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From cylinders to CDs

The thought of having up to 60,000 songs on a small electronic box the size of a wallet would have seemed like magic to Edison in 1877. However the essential ingredients for recording and playing back sound at today’s standards were developed in Edison’s lab well over a century ago.

In the groove

Sound is vibrations and those vibrations have to reach your ear drum for you to be able to hear a sound. Whether it’s the air, water or a solid, there has to be something vibrating so that those vibrations can travel to your ear and cause your ear drum to vibrate for you to be able to hear a sound.

Edison realised that if you could somehow map vibrations on a material, then you could reverse the process and get the mapped vibrations to once again vibrate the air and reproduce the sound. Edison achieved this by speaking into a horn to focus the sound energy, and make a metal needle vibrate.

The vibrating needle created grooves in a thin sheet of tin wrapped around a rotating cylinder. The louder the sound, the deeper the groove. To play this back, Edison put the needle at the start of the etched grooves and turned the cylinder. The needle faithfully retraced the grooves causing a diaphragm to vibrate, producing a faithful yet scratchy rendition of the original sound.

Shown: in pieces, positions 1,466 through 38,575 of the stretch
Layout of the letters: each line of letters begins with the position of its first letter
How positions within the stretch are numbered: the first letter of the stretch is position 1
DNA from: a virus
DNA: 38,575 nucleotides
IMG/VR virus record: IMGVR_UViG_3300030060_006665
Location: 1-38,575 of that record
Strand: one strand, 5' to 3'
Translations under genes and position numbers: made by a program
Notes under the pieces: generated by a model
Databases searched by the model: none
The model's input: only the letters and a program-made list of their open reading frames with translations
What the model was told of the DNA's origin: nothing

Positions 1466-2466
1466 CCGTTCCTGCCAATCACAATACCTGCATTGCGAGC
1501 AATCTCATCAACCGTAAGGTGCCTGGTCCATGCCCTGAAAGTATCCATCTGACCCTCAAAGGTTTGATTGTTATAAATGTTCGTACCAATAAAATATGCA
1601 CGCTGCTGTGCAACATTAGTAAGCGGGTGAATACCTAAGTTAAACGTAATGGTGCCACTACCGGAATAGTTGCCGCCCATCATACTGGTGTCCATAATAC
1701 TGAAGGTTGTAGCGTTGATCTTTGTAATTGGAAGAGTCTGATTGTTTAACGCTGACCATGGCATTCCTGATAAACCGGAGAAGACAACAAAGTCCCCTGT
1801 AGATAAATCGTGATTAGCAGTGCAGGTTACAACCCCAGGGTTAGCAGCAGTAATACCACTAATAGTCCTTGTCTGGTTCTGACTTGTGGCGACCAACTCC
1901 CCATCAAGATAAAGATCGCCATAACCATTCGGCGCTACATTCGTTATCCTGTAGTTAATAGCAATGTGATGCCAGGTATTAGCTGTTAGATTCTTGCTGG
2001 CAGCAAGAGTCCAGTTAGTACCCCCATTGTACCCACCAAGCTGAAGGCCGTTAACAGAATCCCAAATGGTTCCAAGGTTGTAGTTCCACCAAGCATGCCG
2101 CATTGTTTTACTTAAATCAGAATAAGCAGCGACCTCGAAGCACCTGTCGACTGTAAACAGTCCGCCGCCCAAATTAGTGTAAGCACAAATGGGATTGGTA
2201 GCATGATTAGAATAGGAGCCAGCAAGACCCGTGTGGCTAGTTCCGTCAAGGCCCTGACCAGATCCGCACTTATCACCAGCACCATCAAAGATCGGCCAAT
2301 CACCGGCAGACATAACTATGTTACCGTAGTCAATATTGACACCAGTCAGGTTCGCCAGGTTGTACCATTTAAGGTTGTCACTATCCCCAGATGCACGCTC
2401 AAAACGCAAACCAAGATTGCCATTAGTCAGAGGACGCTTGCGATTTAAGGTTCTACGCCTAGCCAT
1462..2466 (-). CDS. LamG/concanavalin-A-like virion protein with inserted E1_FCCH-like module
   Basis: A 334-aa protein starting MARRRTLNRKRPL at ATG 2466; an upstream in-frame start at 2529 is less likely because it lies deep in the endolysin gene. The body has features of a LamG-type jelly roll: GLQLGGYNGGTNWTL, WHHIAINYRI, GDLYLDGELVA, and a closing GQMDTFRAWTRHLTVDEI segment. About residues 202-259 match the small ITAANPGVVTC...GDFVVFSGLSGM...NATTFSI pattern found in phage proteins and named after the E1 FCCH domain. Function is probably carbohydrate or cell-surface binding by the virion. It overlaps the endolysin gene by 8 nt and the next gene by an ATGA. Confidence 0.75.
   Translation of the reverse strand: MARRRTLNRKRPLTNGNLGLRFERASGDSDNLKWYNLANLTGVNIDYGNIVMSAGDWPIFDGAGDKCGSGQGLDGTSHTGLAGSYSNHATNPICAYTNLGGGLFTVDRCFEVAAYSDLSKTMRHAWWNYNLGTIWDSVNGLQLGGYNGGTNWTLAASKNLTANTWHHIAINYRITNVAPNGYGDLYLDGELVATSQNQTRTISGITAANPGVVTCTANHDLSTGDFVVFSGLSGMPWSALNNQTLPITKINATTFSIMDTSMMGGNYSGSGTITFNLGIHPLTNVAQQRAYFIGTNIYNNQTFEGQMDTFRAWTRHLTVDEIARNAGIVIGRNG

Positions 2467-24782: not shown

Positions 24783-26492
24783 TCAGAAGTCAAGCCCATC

Music in bits

This isn’t hugely dissimilar to how recording and playback works today. Sound vibrations cause the diaphragm in a microphone to vibrate and these vibrations are then converted to electrical currents.

The value of the electrical currents changes depending on the pitch, loudness and tone of the incoming sound, and this is stored digitally as ‘bits’ which form strings of binary code; essentially a series of 0s and 1s.

To play the sound back, the 0s and 1s are converted back to electrical currents which in turn vibrate a speaker cone. The speaker cone vibrates the air in a similar way to the sound that went into the microphone originally.

See our top links on the physics of music

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